Brazil’s President Jair Bolsonaro, who has consistently downplayed the severity of the coronavirus outbreak, said Thursday that COVID-19 vaccinations will not be obligatory when they become available.
“Many people want the vaccine to be applied in a coercive way, but there is no law that provides for that,” Bolsonaro said in a Facebook live chat with his supporters.
Vice President Hamilton Mourão said earlier that mass vaccination was inevitable to fight the pandemic in Brazil, but was firmly in line with Bolsonaro’s stance.
“There is no way for the government — unless we live in a dictatorship — to force everyone to get vaccinated,” Mourão said in a radio interview.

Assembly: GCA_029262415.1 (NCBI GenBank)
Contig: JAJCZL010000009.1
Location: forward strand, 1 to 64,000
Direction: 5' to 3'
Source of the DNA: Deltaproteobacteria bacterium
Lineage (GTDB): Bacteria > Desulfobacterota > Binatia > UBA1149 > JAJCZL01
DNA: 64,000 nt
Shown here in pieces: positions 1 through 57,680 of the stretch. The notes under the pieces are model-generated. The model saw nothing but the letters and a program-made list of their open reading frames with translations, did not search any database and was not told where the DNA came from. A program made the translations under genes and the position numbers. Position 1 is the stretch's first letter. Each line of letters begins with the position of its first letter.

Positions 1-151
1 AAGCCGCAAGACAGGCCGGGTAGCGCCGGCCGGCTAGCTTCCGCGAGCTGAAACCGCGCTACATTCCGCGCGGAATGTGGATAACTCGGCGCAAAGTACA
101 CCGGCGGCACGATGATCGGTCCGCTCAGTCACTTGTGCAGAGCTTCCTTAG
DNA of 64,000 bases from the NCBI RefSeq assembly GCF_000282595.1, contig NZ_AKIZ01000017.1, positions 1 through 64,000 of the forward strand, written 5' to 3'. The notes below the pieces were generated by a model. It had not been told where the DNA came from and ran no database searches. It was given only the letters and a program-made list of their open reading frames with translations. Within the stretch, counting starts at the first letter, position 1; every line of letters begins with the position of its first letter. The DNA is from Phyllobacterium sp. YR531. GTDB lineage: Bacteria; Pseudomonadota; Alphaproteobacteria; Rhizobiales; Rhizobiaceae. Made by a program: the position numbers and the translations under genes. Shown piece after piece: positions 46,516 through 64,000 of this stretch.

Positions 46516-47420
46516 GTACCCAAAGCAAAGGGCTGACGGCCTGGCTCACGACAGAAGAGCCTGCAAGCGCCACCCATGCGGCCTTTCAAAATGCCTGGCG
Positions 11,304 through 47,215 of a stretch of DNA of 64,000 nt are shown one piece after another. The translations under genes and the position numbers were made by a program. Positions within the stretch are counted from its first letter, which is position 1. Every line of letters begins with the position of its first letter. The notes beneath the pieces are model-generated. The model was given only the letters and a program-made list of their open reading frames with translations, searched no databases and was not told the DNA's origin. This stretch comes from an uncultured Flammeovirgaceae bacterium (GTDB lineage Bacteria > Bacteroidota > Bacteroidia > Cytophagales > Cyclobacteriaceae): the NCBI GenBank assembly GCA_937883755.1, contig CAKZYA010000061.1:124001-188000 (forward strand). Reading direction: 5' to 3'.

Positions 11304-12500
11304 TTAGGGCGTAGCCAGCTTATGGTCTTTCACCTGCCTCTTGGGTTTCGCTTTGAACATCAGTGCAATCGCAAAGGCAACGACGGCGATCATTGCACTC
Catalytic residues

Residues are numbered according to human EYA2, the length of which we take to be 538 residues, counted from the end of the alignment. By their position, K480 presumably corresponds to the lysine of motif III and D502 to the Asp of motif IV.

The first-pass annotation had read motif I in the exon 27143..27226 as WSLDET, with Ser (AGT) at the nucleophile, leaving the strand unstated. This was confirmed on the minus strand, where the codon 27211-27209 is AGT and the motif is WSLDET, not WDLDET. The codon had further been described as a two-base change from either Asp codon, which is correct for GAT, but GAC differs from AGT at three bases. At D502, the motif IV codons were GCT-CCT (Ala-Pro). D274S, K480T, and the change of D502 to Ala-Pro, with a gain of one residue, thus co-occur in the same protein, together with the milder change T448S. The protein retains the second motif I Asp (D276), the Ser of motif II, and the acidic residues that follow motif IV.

In the second worst outbreak outside of the United States, Brazil has recorded more than 4 million confirmed cases of coronavirus and the official death toll from COVID-19 has risen to 124,614, the health ministry said.
In the 24 hours preceding Thursday afternoon, 43,773 new cases were reported in the country and there were 834 deaths from the virus.
Brazil last month signed an agreement with AstraZeneca to buy 30 million doses of the vaccine it is developing with Oxford University, with an option for 70 million more doses if the vaccine works.
Latin America’s most populous country has become a key testing ground for a COVID-19 vaccines and has approved phase 3 clinical trials for four that are under development, by Oxford University/AstraZeneca, China’s Sinovac Biotech, and Pfizer Inc in partnership with BioNTech and Johnson & Johnson’s pharmaceutical subsidiary Janssen.